When James Beard died at 81 on January 21, 1985, he left a legacy of culinary excellence and integrity to generations of home cooks and professional chefs. His name remains synonymous with American food.
A dedicated staff, a strong board of trustees, a diverse membership, hundreds of volunteers, and the sheer force of James Beard’s personality and passions have propelled the James Beard Foundation to the forefront of American gastronomy.
After James Beard’s death in 1985, a group of his friends and colleagues led by cooking school founder Peter Kump heeded a call from Julia Child to do something with Beard’s house. While he was alive, Beard always welcomed students, authors, chefs, and other food and beverage professionals into his home—his kitchen was truly at the heart of America’s burgeoning 20th century food scene. Kump organized a fundraising campaign to raise the downpayment to purchase the Greenwich Village townhouse from Beard’s estate, which was held by Reed College.
On November 5, 1986, the James Beard Foundation officially opened the James Beard House “to provide a center for the culinary arts and to continue to foster the interest James Beard inspired in all aspects of food, its preparation presentation, and of course, enjoyment,” according to a press release issued that day. Calvin Trillin presided over an opening ceremony that welcomed Jacques Pépin, Judith Jones, Larry Forgione and other culinary world luminaries who had been touched and inspired by Beard.
Although the mission of the organization would evolve over the years, Kump, who had founded a theater troupe in a previous career, initially envisioned the Beard House as a performance space for chefs. On February 1, 1987, Kump wrote a thank you note to an influential young chef working in California who was generous enough to cook a dinner at the Beard House to help the new organization raise some money. “Dear Wolf,” Kump wrote to Wolfgang Puck, “When you initially suggested coming out and cooking a dinner here it gave us the idea for starting this as a monthly event. First of all, it is a good way for the Foundation to bring in regular funds. Second, it also performs a very valuable service to our members and the food community: for the first time the great chefs from outside the New York Metropolitan area can come here, allowing us to experience their food fully rather than just a taste in a party atmosphere. Finally, it starts a tradition for showcasing new chefs who have not yet received recognition.”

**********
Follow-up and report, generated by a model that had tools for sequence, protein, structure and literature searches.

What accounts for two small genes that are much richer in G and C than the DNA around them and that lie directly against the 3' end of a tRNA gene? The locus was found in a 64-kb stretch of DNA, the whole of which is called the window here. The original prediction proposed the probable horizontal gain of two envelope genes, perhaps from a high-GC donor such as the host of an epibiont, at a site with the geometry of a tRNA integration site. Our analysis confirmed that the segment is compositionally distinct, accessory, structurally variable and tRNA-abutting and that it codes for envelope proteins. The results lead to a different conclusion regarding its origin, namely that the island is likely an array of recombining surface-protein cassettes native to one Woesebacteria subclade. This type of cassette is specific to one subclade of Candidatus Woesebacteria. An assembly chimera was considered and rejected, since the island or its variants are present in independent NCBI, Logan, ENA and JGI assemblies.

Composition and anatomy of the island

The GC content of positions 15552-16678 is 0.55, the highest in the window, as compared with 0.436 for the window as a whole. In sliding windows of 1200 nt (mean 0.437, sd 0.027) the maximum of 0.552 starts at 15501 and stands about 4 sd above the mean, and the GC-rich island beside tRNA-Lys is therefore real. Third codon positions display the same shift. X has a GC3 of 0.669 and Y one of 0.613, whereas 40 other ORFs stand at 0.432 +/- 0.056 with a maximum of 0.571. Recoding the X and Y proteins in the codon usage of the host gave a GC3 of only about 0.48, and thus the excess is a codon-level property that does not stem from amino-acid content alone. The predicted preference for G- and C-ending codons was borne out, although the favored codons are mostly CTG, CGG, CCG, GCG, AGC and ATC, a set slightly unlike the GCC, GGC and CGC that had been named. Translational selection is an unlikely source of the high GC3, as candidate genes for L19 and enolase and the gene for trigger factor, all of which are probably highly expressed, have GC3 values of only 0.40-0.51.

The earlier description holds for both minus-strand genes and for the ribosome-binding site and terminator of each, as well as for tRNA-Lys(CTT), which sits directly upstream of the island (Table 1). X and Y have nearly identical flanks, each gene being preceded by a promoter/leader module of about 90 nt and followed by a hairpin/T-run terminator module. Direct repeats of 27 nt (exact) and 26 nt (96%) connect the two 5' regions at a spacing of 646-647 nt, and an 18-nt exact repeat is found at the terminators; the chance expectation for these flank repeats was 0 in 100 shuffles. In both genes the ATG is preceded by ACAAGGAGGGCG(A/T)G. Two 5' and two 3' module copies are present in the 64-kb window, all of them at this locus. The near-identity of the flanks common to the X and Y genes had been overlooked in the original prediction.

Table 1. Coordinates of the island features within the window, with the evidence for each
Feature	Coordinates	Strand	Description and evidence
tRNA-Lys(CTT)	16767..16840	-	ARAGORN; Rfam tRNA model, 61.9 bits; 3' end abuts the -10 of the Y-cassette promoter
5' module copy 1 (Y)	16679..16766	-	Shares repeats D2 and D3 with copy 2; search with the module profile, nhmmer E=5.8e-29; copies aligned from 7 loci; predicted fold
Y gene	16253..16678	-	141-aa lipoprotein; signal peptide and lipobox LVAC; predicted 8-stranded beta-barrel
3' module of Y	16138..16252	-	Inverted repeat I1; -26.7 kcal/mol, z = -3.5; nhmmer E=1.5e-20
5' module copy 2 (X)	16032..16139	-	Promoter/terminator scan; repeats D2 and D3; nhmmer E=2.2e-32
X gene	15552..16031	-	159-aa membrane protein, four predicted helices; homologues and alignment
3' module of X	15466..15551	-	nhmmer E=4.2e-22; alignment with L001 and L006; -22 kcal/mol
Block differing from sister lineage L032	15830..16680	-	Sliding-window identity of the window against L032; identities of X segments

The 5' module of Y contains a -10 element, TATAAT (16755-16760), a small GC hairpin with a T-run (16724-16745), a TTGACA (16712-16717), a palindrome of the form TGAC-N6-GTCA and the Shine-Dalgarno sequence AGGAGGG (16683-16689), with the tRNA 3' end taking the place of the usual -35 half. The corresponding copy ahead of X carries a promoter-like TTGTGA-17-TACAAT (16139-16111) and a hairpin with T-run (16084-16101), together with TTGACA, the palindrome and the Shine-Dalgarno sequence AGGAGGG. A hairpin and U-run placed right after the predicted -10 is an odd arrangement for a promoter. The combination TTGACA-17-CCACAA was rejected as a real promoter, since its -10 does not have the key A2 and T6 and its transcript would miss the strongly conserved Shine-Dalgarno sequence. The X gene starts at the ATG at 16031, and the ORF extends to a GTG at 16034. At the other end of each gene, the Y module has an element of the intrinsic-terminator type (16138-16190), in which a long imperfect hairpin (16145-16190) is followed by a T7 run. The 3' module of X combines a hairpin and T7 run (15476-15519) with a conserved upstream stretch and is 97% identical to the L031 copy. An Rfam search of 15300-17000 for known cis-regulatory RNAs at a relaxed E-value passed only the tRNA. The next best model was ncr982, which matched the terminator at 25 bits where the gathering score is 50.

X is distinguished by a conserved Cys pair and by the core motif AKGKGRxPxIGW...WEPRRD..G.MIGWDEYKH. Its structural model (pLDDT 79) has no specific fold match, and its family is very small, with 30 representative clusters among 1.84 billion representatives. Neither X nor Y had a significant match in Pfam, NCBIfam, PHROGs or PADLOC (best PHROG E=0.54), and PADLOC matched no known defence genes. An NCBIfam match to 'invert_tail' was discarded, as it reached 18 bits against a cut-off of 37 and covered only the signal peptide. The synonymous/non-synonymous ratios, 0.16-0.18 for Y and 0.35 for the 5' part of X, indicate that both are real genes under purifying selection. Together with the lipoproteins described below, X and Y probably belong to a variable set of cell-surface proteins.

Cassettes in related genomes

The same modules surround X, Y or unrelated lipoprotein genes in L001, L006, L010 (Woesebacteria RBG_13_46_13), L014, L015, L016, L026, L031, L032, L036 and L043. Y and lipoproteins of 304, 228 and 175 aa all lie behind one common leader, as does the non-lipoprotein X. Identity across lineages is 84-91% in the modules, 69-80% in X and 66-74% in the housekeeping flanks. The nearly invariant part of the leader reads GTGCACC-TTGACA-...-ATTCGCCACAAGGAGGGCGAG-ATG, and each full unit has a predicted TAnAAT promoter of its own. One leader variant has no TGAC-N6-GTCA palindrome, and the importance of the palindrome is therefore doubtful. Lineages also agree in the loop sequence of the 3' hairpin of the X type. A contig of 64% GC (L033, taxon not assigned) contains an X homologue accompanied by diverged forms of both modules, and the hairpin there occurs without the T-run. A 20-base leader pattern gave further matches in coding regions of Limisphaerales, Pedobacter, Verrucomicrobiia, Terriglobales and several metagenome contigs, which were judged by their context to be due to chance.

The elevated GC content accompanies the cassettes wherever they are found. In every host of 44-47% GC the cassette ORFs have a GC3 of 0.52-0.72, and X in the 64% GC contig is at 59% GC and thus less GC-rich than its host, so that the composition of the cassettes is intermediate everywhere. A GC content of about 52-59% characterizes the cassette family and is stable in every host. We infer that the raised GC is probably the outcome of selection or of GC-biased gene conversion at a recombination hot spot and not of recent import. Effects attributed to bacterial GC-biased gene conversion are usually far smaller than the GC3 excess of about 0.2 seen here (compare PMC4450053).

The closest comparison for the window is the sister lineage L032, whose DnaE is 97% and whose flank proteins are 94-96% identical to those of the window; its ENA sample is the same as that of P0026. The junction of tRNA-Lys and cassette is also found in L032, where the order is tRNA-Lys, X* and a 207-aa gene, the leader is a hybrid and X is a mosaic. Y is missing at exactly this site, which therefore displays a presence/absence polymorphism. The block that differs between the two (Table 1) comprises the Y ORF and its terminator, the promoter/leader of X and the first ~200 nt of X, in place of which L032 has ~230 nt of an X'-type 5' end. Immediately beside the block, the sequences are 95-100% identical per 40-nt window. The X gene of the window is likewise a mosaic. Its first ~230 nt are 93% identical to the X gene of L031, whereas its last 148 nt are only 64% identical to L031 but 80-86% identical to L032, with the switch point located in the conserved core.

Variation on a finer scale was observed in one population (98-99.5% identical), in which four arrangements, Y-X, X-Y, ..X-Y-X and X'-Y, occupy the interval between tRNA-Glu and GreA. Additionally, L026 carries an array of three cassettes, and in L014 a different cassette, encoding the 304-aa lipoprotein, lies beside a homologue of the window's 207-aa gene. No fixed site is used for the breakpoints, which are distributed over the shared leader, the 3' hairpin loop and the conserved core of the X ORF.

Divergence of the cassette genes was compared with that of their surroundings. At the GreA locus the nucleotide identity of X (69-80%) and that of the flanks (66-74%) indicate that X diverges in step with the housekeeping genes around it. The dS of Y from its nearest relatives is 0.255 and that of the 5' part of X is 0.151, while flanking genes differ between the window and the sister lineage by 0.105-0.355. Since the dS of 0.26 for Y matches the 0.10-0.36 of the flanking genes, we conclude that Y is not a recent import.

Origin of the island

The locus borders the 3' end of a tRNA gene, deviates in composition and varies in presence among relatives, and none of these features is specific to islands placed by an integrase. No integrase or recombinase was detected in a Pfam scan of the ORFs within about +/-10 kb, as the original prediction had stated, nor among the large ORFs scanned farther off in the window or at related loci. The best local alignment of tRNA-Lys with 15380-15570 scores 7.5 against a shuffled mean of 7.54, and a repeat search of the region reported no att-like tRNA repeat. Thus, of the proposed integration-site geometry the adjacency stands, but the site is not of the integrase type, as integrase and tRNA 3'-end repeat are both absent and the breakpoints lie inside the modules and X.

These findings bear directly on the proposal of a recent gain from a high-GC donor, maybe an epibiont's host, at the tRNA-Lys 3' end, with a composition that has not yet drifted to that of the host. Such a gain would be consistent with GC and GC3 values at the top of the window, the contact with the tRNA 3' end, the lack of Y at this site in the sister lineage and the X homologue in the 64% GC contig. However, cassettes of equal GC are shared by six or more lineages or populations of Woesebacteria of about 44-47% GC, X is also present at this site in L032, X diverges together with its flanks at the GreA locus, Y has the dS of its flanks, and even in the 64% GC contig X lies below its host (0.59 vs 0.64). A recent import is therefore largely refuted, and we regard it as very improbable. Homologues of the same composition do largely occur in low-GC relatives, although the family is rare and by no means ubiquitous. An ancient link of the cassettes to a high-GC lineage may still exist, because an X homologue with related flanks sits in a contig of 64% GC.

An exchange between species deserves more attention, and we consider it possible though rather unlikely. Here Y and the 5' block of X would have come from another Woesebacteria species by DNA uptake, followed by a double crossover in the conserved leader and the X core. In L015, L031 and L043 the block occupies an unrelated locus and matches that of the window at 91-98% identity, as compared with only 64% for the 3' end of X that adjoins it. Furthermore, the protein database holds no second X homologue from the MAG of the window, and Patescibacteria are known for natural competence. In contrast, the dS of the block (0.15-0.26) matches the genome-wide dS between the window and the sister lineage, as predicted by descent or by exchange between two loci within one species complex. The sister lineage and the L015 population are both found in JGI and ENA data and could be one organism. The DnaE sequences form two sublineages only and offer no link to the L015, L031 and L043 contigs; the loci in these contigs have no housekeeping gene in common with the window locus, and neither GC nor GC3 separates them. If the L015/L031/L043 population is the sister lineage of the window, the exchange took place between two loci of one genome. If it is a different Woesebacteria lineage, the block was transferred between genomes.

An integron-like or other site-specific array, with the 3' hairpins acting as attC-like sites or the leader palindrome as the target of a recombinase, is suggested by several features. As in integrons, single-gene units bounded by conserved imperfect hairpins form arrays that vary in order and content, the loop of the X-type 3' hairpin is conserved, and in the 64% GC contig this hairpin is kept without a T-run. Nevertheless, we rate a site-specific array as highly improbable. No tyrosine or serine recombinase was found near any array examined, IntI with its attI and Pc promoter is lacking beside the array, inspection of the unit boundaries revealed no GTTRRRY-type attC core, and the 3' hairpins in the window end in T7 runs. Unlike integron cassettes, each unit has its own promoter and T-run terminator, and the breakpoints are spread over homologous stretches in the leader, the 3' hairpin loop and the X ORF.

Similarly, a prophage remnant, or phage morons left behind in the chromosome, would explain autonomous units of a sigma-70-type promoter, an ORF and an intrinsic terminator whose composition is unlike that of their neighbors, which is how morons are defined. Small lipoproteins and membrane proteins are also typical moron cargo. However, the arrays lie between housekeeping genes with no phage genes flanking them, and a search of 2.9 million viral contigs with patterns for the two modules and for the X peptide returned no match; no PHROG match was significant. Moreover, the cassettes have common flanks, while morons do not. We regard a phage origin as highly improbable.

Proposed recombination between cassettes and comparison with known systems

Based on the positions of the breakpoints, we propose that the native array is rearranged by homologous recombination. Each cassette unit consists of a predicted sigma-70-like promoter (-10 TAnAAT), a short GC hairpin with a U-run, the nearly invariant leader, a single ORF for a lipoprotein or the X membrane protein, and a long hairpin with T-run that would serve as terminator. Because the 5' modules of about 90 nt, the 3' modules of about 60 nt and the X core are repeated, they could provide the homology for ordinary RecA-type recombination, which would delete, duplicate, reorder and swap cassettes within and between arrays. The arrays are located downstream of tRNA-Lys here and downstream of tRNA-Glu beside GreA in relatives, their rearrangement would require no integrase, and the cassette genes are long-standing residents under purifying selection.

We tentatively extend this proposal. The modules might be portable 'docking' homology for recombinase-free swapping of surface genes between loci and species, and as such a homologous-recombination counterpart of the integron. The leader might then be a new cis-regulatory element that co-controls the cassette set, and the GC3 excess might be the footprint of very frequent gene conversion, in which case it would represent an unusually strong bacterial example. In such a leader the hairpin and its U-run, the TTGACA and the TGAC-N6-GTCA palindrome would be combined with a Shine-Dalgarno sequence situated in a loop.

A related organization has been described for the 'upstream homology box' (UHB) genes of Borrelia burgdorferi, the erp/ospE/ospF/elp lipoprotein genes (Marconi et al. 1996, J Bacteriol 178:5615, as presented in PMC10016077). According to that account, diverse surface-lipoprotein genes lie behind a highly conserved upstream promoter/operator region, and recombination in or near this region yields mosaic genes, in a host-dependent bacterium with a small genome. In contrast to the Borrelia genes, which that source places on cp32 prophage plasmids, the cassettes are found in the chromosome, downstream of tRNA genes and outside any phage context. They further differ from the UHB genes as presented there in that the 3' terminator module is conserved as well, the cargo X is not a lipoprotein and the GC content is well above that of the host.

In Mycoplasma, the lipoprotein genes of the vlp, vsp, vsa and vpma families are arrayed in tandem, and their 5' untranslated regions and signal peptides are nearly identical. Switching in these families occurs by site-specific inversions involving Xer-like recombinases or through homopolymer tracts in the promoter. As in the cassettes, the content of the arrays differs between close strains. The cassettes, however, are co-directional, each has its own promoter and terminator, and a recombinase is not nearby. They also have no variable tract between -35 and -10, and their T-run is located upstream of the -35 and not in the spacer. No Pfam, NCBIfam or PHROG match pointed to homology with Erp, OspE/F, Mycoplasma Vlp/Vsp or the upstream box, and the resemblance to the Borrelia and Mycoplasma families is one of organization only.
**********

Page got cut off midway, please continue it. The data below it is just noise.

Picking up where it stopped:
Today the Foundation hosts more than 250 events at the Beard House annually, realizing Kump’s vision and maintaining Beard’s home as an important meeting place for America’s food community. See who’s visiting this month.
In 1990 the James Beard Foundation made another leap forward by establishing the James Beard Foundation Awards for excellence in the food and beverage and related industries. The first awards were given in 1991. By shining a spotlight on the people behind the food we were learning to appreciate and enjoy, the James Beard Awards preempted the era of the celebrity chef we now take for granted. See more about the Awards.
View the 2015 James Beard Award Winners and the 2015 James Beard Award Nominees.
Throughout its history the Foundation has supported the culinary arts in a variety of ways. Our robust scholarship program has distributed more than $3.5 million in cash awards and tuition waivers to talented culinary students in need of funds to pursue their education. View our current scholarships.
Our educational programs—which take the form of conferences, festivals, tastings, lectures, classes, and workshops—have helped educate thousands of people about food and its centrality in modern life and health. In 2010, in anticipation of our 25th anniversary, the James Beard Foundation launched its annual food conference, bringing together a diverse group of thought leaders and stakeholders in the country’s food system, as well as the JBF Leadership Awards, recognizing visionaries helping to make a better, safer, more equal, and more delicious future for everyone. See educational programs.
As an organization, the James Beard Foundation has evolved beyond the scope of influence any one person could have had, but all the while keeping true to the ideals that James Beard professed—that is, emphasizing the importance of simple, wholesome food, good cooking, and good eating by educating, mentoring, supporting, and caring for the people who prepare and enjoy it. We continue to build on the foundation James Beard laid.
Categories: Food Associations